JONESBORO, AR (KAIT) – Those driving through Jonesboro can spot the different prices in regular unleaded fuel, sometimes only a block apart. People across the country are seeing the same sporadic pricing at their gas stations, as retail gas prices have reached their highest level ever for this time of year.
"Unfortunately, with my job, I have to work everywhere from Little Rock to Blytheville," Brittany Bennett of Jonesboro said. "I try to find gas at the cheapest place, but I don't drive around to find it because that takes more time and just as much money."
Bennett was on her way to fill up her tank Thursday afternoon when she stopped to discuss the recent price hike. She works as a sales representative and is on the road constantly.
"I don't understand why it could be $3.29 at one place and then $3.01 across the street, but I don't understand why they're up above $3 either. I just think it's ridiculous," Bennett said, adding: "When I was 16, they were under a dollar, and now it's over three. It's awful."
Drivers across the country are expressing the same frustration. Oil and gasoline prices remain high because of tension in the Persian Gulf and fears about Europe slipping into a recession. The unstable situation makes drivers like Debbie Crisp of Jonesboro feel pain at the pump.
"It's not easy, but I love my job. I'll put up with it," Crisp said about the unavoidable expense of gas.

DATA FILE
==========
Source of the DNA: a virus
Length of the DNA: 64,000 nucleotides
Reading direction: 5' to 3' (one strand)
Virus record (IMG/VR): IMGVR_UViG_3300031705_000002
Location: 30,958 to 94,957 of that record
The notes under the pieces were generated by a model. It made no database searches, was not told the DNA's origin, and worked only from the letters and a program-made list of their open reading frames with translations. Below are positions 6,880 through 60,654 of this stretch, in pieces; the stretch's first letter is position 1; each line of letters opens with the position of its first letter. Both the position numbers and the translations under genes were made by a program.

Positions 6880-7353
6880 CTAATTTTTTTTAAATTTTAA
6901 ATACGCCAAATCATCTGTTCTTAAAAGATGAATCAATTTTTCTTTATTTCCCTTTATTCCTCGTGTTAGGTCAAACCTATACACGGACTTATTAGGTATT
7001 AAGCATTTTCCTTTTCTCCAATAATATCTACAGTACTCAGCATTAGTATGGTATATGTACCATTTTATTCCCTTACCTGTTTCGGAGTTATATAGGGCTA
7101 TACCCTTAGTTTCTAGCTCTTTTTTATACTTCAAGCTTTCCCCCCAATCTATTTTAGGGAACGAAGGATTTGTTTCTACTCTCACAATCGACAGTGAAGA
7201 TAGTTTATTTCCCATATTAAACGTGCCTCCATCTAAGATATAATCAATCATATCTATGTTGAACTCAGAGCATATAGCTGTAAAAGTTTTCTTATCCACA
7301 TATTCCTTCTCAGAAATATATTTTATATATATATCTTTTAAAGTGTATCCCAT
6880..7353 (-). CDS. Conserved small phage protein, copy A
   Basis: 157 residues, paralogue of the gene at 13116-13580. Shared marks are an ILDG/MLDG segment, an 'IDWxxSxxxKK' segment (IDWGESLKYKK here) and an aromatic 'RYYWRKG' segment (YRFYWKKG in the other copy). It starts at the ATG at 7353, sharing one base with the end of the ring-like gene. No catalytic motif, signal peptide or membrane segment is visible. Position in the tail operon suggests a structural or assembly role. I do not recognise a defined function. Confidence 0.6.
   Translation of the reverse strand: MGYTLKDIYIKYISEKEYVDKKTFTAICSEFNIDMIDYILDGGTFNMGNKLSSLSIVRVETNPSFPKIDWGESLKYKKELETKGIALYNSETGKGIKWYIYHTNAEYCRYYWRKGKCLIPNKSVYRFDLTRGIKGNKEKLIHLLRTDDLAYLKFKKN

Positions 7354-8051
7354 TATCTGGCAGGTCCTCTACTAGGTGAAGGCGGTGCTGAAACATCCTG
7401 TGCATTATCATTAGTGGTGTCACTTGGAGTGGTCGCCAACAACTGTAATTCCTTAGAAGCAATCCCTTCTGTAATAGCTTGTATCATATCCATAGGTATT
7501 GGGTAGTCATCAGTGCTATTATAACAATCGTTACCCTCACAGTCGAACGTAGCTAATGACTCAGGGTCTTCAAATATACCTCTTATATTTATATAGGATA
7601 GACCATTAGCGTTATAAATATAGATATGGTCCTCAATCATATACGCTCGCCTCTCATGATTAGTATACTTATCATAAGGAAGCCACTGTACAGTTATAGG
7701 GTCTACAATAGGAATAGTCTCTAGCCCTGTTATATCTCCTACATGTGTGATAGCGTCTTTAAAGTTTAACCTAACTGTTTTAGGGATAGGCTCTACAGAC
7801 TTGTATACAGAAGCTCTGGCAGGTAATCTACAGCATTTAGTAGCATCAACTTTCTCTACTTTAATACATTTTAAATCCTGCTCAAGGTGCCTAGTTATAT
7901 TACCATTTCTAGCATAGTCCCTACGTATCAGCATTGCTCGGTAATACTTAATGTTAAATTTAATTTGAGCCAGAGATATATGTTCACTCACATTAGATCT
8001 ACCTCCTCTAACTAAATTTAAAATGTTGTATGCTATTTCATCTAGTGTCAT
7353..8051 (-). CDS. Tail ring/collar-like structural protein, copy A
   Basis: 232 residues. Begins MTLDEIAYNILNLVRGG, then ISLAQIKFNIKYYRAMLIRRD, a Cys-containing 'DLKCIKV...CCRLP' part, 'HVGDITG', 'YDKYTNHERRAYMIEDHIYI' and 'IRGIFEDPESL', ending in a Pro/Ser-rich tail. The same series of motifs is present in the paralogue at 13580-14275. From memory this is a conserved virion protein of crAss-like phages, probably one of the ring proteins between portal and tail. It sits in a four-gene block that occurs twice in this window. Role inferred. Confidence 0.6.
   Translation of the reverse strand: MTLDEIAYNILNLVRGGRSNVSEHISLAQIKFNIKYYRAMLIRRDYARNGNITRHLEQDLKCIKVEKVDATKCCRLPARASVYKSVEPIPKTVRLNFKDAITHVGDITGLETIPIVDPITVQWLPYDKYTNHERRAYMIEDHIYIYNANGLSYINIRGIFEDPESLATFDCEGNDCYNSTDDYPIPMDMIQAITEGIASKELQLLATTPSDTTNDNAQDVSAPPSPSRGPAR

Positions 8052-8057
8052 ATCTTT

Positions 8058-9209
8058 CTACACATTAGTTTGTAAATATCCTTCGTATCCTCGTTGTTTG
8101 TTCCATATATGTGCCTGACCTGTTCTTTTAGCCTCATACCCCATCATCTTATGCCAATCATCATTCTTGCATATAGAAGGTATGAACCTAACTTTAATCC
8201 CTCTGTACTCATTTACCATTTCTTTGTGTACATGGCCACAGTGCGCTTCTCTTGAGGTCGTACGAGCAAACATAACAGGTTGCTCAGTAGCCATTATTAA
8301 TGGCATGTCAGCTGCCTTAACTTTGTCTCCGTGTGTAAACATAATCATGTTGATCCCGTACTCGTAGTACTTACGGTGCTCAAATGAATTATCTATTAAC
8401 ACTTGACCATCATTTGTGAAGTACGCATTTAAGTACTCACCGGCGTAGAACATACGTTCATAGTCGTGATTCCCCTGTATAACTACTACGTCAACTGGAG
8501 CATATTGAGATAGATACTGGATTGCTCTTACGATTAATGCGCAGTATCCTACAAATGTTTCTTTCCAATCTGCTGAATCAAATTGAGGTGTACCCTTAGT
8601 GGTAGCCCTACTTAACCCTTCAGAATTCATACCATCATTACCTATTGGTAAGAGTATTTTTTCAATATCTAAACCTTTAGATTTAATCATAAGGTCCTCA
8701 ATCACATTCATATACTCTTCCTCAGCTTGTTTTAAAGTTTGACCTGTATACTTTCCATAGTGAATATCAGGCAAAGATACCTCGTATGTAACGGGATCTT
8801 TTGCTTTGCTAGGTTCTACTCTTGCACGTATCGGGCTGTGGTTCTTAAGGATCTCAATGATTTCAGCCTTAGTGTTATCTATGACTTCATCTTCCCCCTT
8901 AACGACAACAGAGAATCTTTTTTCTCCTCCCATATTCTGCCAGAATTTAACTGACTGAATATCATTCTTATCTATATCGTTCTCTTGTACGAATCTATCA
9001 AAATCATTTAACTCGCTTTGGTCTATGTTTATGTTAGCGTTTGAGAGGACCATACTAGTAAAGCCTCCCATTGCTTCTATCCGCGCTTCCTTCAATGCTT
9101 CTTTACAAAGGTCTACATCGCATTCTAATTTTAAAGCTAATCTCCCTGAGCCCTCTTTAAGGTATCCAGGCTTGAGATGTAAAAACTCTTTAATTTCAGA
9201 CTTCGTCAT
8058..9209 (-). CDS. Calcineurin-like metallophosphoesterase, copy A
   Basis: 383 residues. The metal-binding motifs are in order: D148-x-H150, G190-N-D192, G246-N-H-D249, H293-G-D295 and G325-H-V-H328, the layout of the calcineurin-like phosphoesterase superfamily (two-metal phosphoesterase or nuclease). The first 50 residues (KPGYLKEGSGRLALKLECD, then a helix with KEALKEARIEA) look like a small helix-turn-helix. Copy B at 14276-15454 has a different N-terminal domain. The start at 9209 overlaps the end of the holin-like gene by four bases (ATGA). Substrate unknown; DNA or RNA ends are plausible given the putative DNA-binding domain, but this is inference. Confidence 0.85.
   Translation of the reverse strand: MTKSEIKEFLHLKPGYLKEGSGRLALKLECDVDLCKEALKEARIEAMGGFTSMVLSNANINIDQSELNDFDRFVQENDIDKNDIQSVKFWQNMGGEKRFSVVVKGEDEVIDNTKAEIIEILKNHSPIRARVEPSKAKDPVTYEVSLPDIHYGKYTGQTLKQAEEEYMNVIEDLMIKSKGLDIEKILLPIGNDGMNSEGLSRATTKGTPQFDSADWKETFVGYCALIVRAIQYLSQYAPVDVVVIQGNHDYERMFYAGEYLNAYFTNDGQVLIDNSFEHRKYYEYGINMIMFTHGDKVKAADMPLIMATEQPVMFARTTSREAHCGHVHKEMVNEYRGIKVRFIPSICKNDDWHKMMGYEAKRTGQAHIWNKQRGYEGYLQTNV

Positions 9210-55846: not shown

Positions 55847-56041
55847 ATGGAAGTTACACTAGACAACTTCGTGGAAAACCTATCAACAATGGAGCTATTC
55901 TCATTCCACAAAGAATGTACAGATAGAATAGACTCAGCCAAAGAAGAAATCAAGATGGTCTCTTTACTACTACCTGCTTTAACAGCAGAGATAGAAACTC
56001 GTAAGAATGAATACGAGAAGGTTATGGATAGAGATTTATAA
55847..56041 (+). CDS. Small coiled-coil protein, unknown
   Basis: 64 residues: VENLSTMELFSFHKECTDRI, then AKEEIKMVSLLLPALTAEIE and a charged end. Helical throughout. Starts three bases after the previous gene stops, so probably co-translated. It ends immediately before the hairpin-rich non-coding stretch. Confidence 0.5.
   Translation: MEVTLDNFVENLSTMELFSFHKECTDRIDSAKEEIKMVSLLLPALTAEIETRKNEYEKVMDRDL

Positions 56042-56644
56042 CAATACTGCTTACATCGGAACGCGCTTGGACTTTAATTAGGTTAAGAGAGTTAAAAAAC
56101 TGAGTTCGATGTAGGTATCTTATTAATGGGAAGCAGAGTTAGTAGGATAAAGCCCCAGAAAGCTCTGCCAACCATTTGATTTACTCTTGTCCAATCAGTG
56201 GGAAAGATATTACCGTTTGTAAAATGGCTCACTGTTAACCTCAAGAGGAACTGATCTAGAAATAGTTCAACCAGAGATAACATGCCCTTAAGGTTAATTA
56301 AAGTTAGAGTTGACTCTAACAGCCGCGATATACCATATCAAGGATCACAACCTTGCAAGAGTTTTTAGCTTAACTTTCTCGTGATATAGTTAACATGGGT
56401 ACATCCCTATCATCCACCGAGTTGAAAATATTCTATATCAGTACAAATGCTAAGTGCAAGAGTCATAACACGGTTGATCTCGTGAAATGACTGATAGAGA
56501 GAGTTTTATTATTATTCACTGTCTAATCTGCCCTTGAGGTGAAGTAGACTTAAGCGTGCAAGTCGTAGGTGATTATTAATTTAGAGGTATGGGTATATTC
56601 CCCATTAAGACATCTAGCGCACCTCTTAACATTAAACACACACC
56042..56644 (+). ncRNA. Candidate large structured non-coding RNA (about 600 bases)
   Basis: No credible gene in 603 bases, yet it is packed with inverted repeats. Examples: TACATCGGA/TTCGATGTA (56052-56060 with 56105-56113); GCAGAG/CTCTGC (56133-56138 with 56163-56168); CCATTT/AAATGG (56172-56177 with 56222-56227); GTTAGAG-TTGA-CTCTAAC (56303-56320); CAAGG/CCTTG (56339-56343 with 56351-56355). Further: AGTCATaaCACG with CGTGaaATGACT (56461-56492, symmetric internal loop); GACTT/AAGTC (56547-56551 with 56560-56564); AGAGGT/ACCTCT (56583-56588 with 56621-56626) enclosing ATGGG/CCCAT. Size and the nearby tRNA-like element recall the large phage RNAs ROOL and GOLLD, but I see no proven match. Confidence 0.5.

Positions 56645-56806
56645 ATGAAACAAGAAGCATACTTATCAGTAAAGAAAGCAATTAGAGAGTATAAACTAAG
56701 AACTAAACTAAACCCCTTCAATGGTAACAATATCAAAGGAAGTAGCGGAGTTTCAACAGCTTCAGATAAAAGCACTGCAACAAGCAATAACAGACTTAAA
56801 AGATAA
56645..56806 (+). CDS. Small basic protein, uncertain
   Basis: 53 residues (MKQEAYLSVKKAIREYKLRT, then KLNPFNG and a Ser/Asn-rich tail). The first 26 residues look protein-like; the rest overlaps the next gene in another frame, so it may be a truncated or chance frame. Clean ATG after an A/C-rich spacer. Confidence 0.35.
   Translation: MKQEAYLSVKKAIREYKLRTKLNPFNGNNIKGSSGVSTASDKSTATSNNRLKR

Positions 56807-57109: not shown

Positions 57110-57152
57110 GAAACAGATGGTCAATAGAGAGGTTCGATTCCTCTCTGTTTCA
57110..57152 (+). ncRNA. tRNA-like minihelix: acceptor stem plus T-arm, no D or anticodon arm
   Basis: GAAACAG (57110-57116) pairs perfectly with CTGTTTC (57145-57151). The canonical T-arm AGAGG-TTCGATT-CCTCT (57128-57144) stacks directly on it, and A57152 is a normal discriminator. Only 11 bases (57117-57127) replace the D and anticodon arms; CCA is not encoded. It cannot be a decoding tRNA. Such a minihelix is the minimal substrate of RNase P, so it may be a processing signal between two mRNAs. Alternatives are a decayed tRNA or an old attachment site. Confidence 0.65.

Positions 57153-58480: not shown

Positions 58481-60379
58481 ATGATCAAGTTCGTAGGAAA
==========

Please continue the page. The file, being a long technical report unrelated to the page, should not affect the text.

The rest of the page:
Crisp works seven days a week as a home health care aide. She fills up her tank several times a week, and the bill has gotten larger recently.
"The gas prices are bad and so I pay about 30, 40 dollars when I go to the gas station," Crisp noted. "It hurts."
Crisp always looks for the cheapest gas prices, but she says it's aggravating when gas stations just blocks apart advertise different prices.
The Citgo station located at Highland and Stadium in Jonesboro sells regular unleaded gas for $3.29. Drivers, however, can simply drive down Stadium to the Kum & Go near Race Street to find gas at $3.01.
"Why drive all over town when you can go to one spot, fill up once a week and save money?" Melva Goad wondered aloud.
Paying more at the pump has changed Goad's habits recently. She uses her smartphone to find the cheapest gas, but also restricts her errand runs to one day a week to save money.
"Times are tough right now for everybody. The jobs are low, so it's just not right," Goad added. "I think they're kind of taking advantage of people."
Drivers can expect little reprieve despite experts predicting gasoline consumption has steadily fallen for the last few months. People will likely have to hold onto the habits they formed during the recession to continue pinching pennies.